More generally, I found her discussion of administration vision and principles pretty compelling:

I also got the sense watching this that the administration is functioning exactly as it should:

Steve Benen 11:45 AM


Conceit is nearly always unseemly, but it takes a smug fool with misplaced arrogance to be truly offensive.

The Weekly Standard's Fred Barnes devotes his latest column to bashing President Obama's economic policies. That, in and of itself, is unremarkable. Barnes is a Bush/Cheney Republican, and Obama isn't. They're bound to see economic policy differently.

What's striking, though, is how Barnes presents his argument. Instead of simply making the case against the administration's policies, he feels comfortable arguing that Obama is "an economic illiterate," the "Know-Nothing-in-Chief," and a leader lacking "even a sketchy grasp of economics." This from a shameless conservative hack who has never demonstrated any proficiency in any area of public policy.

At his press conference, Obama endorsed a surtax on families earning more than $1 million a year to pay for his health care initiative. This is no way to get the country out of a recession. Like them or not, millionaires are the folks whose investments create growth and jobs -- which are, after all, exactly what the president is hoping for.

Another tax hike -- especially on top of the increased taxes on individual income, capital gains, dividends, and inheritances that Obama intends to go into effect in 2011 -- is sure to impede investment. It's an anti-growth measure, as those with even a sketchy grasp of economics know. But Obama doesn't appear to.

In the world where the grown-ups live, the surtax, if passed, wouldn't kick in until 2011. Just as important, there's no evidence tax increases on the very wealthy have ever stunted economic growth. These are the kind of details those with even a sketchy grasp of current events know. But Barnes doesn't appear to.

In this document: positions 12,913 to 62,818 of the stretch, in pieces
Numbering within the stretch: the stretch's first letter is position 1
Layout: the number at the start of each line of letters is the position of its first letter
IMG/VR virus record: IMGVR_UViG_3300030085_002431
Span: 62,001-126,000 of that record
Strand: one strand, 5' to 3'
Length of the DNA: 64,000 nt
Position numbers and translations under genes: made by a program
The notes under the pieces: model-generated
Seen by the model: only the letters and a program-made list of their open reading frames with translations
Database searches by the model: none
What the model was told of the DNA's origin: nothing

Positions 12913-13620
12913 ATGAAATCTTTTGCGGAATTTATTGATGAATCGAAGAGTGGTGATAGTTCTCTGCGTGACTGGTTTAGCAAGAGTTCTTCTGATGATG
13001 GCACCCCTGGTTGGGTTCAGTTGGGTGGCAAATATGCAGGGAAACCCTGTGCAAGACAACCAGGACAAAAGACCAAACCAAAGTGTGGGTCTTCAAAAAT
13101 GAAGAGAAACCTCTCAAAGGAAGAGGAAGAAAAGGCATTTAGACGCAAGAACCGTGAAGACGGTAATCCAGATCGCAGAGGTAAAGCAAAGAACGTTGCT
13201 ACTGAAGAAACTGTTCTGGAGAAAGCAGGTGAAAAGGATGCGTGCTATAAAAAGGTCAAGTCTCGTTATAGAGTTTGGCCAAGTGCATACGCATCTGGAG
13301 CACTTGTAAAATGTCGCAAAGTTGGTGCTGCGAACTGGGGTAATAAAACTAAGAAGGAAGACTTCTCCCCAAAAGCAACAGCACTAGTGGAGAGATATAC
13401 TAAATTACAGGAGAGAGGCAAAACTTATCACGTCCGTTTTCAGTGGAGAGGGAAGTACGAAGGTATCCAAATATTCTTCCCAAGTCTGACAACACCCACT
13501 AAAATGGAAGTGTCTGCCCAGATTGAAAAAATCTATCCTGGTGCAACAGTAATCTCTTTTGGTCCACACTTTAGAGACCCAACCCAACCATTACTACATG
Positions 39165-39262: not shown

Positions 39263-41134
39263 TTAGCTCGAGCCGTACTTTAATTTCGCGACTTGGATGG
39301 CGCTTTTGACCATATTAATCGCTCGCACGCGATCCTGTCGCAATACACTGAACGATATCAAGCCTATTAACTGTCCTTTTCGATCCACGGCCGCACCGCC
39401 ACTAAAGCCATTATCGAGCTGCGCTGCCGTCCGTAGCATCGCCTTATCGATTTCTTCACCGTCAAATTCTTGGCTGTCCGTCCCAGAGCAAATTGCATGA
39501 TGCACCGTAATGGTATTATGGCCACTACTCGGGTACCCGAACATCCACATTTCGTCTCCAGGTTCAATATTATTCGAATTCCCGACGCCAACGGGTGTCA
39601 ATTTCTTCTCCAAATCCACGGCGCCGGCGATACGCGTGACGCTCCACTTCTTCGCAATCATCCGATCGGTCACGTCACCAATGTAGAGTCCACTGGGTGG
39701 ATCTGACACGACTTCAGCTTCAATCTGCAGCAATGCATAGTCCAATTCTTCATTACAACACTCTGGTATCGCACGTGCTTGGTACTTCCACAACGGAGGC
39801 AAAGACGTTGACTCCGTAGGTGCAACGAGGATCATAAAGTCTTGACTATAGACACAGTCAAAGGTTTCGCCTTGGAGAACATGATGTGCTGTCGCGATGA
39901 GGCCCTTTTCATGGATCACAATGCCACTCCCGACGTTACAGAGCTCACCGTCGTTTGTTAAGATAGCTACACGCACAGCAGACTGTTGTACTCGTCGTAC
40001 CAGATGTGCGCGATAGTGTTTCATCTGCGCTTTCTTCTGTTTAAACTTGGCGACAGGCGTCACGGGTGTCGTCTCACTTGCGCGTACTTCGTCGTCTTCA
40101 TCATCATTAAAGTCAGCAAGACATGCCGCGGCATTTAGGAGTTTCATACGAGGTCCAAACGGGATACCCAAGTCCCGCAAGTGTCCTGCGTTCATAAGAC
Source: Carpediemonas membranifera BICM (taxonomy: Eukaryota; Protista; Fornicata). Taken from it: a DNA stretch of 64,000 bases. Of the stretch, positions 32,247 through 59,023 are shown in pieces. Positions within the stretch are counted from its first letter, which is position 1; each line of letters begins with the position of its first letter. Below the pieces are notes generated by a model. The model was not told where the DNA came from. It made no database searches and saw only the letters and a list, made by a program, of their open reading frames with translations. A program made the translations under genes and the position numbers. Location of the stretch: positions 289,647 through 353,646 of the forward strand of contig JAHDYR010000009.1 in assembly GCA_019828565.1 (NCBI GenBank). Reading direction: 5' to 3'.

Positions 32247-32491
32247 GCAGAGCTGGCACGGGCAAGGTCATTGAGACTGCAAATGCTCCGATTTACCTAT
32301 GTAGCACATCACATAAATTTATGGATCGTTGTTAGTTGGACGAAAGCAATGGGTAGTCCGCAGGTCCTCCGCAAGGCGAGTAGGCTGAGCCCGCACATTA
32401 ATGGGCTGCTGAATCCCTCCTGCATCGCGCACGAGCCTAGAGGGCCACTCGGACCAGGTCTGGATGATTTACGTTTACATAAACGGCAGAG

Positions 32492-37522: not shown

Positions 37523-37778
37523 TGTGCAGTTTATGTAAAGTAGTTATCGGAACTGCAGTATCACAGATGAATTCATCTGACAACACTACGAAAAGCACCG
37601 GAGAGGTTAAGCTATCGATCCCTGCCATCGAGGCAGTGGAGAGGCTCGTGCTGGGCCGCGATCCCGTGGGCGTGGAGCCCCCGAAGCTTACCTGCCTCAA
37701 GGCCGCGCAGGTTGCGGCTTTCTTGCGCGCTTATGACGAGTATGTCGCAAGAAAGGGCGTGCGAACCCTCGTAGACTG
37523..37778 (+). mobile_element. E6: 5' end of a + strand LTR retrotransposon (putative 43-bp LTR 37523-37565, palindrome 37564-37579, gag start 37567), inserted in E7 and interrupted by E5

He declared it "a good thing" that banks are profitable again, but he couldn't leave it at that. He went on to bemoan the absence of "change in behavior and practices" among bankers. As for the "record profits" of insurance companies, he had nothing but disdain.

This, Barnes argued, is evidence of a president who doesn't understand economics. But that's absurd. Obama raised concerns about changing the behavior and practices of banks, because the president would like to avoid things going to back to the way they were -- conditions that led to the collapse of the economy in the first place. He objected to health insurance companies making "record profits," because American families are struggling badly with rising health care costs. If Barnes disagrees, fine, but the president's concern is hardly evidence of ignorance.

Barnes goes on (and on) from there. Obama, he says, needs to cut corporate taxes. The stimulus, he argues, needed even more tax cuts. If Obama disagrees, Barnes says, he must be an idiot.

What an embarrassment.


I found myself yelling at my monitor this morning, reading Adam Nagourney's NYT piece about the "possibility of bipartisanship" on health care reform. It's not Nagourney's fault, necessarily, but the piece touches all of the bases on the problems with the underlying assumptions.